I confess to being confused and frustrated by Vogue100, the exhibition currently showing at the National Portrait Gallery and celebrating 100 years of the British edition of Vogue. Of course, Vogue has been and remains an important definer of taste and style, and indeed a cultural phenomenon, over the past 100 years. And of course, Vogue has been a platform for a number of photographers and stylists who have created for its pages images which are icons of the C20. Many of them are included in this exhibition. One thinks, for example, of Horst’s 1939 image of the Mainbocher corset – “Where there’s a will, there’s a waist” – or Ronald Traeger’s 1967 picture of Twiggy on a Raleigh motor bicycle. But nevertheless I left both wondering why this exhibition was taking place in this form and in this gallery.
It was of course worthwhile to catch up with some superb images, many familiar but others less so, which helped define the age in which they were taken. And the chronological nature of the exhibition reminds us to what extent Vogue and magazines like it have succeeded in shaping our memories of recent history, even if those are inevitably selective and distorted memories. But there is no getting away from the fact that this exhibition is hagiography, not critical review; it is little more than extended advertisement for Vogue. Which is fine, but not perhaps the role of a national public gallery. Furthermore, the exhibition would be much more illuminating if there was any context provided to help analyse and assess the Vogue view of the world. We are asked to accept Vogue as a key arbiter of taste and style without any critical assessment of alternatives or whether the view of Vogue captured the zeitgeist of the moment, or missed it by a mile. And finally, you could not help but feel that this exhibition is not primarily a portrait exhibition but a design exhibition. So why the NPG?
Having said all that, the exhibition does in fact pose some interesting questions about the relationships between art and photography, art and fashion, art and style, those the questions are not explicitly either asked or answered within the exhibition space. It left me realising the extent to which the fashion and style industry in the modern world have captured much of modern art. There is nothing which the fashion world more desires than the domesticated revolutionary; the artist or designer who can be radical, edgy and provocative without ever challenging the established order of things; safe thrills are very alluring. As such, fashion has been remarkably effective in spotting and annexing photographers and artists who offer exactly those thrills; from Cecil Beaton to David Bailey, from the Bloomsbury Set to Tracey Enim.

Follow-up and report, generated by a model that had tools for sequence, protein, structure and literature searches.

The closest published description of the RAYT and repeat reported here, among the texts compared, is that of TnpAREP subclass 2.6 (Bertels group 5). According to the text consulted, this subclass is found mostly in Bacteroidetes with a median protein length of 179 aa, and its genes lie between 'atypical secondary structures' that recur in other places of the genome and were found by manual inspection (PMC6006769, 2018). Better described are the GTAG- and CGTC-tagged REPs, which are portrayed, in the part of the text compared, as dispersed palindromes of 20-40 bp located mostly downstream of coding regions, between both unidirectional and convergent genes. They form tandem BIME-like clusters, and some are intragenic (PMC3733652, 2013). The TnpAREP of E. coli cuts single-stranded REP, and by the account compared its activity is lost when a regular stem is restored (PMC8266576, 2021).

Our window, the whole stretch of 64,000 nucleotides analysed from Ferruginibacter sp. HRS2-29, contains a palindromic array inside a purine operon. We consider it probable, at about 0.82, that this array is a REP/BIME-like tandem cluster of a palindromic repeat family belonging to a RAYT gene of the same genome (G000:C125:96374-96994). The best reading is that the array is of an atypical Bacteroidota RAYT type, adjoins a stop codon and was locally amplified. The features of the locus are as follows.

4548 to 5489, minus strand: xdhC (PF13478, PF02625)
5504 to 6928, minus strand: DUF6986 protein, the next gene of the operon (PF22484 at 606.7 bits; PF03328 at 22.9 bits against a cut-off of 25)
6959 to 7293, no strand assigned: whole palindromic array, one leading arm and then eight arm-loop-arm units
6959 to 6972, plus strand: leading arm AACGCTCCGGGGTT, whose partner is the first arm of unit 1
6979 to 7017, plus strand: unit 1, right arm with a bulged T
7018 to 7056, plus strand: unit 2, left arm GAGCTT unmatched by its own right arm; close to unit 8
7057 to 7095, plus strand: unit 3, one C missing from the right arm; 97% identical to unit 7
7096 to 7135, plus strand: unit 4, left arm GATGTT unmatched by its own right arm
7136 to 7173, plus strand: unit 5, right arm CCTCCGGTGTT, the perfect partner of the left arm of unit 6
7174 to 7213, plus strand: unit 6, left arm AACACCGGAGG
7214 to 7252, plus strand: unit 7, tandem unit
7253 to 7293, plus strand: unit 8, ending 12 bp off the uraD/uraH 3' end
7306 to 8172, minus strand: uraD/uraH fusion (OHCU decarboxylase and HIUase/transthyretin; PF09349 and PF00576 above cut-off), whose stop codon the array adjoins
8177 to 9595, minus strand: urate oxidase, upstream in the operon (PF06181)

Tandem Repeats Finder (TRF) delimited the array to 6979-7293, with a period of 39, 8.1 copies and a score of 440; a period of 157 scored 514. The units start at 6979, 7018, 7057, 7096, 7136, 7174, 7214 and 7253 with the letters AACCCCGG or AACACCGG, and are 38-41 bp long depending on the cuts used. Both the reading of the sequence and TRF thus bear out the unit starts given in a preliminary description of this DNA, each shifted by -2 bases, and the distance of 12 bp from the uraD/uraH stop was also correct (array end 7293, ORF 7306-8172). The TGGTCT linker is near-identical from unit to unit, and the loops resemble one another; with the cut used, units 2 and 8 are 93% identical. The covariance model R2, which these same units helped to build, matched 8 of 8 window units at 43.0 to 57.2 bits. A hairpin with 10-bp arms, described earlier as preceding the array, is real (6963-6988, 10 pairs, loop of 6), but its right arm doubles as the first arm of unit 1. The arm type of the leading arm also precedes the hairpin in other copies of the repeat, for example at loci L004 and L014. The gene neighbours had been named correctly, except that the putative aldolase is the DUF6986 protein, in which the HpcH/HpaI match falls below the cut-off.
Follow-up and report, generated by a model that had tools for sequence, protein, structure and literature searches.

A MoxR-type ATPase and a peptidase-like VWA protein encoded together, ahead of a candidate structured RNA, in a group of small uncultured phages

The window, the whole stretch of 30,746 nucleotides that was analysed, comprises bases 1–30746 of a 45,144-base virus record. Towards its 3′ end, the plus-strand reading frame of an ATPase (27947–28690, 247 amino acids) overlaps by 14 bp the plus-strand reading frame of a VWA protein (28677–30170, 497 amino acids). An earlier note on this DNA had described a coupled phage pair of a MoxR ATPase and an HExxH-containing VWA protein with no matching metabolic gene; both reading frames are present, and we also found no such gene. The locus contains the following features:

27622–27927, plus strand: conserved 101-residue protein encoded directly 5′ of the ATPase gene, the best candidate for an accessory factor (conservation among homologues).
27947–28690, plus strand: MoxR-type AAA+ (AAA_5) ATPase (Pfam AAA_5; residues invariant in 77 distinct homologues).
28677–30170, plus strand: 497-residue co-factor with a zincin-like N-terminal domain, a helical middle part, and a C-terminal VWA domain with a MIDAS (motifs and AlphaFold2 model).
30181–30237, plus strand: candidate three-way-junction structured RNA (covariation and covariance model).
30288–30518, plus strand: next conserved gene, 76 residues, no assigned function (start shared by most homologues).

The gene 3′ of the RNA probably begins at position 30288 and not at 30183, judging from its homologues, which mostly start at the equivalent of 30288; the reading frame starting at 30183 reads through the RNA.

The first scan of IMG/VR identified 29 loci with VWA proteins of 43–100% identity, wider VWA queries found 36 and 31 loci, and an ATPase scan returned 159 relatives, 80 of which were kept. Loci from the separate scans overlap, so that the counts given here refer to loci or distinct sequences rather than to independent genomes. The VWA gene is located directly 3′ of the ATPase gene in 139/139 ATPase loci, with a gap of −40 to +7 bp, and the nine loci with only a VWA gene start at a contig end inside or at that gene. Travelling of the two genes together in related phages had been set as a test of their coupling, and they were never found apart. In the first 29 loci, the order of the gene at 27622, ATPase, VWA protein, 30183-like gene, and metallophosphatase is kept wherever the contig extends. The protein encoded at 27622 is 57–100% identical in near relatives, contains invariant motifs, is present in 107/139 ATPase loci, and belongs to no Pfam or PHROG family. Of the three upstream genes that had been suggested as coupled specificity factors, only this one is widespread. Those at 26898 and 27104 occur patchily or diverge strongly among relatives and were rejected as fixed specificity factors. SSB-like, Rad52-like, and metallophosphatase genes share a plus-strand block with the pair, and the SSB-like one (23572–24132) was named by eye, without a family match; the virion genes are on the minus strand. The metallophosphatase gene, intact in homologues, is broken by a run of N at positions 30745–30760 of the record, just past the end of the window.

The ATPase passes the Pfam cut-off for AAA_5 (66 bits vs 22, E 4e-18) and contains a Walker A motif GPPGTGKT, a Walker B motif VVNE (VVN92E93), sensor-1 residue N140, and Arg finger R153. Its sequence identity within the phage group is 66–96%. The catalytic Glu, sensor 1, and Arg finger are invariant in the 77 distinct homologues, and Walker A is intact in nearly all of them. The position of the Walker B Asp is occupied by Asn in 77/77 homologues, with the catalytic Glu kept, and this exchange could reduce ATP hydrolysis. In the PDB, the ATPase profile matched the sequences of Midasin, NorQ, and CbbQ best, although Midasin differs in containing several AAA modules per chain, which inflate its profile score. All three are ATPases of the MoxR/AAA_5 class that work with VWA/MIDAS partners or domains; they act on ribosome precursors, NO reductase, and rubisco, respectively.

We should not be surprised or disappointed by this development. The notion of the artist as outsider, misunderstood, creating an artistic vision unique to the world, alone with his genius and struggling to gain acceptance for his vision (it was nearly always a he), was the product of late C19 Romantic view of art and the artist. It is not the view which sustained for the greater part of human history where the artist worked at the behest of the elite in whichever society they existed, reliant on commissions and operating within boundaries ultimately set by those on whom they relied for income. The world has simply reverted to its historical norm with the difference in the Western world that art is used less to make political points, and more to make commercial ones. This by the way, is not to condemn contemporary art or artists. Just as artists through history have been able to innovate and test boundaries whilst operating within the rules,so they can today. Titian’s reliance on commissions from emperors, princes and churches did not make him a lesser artist.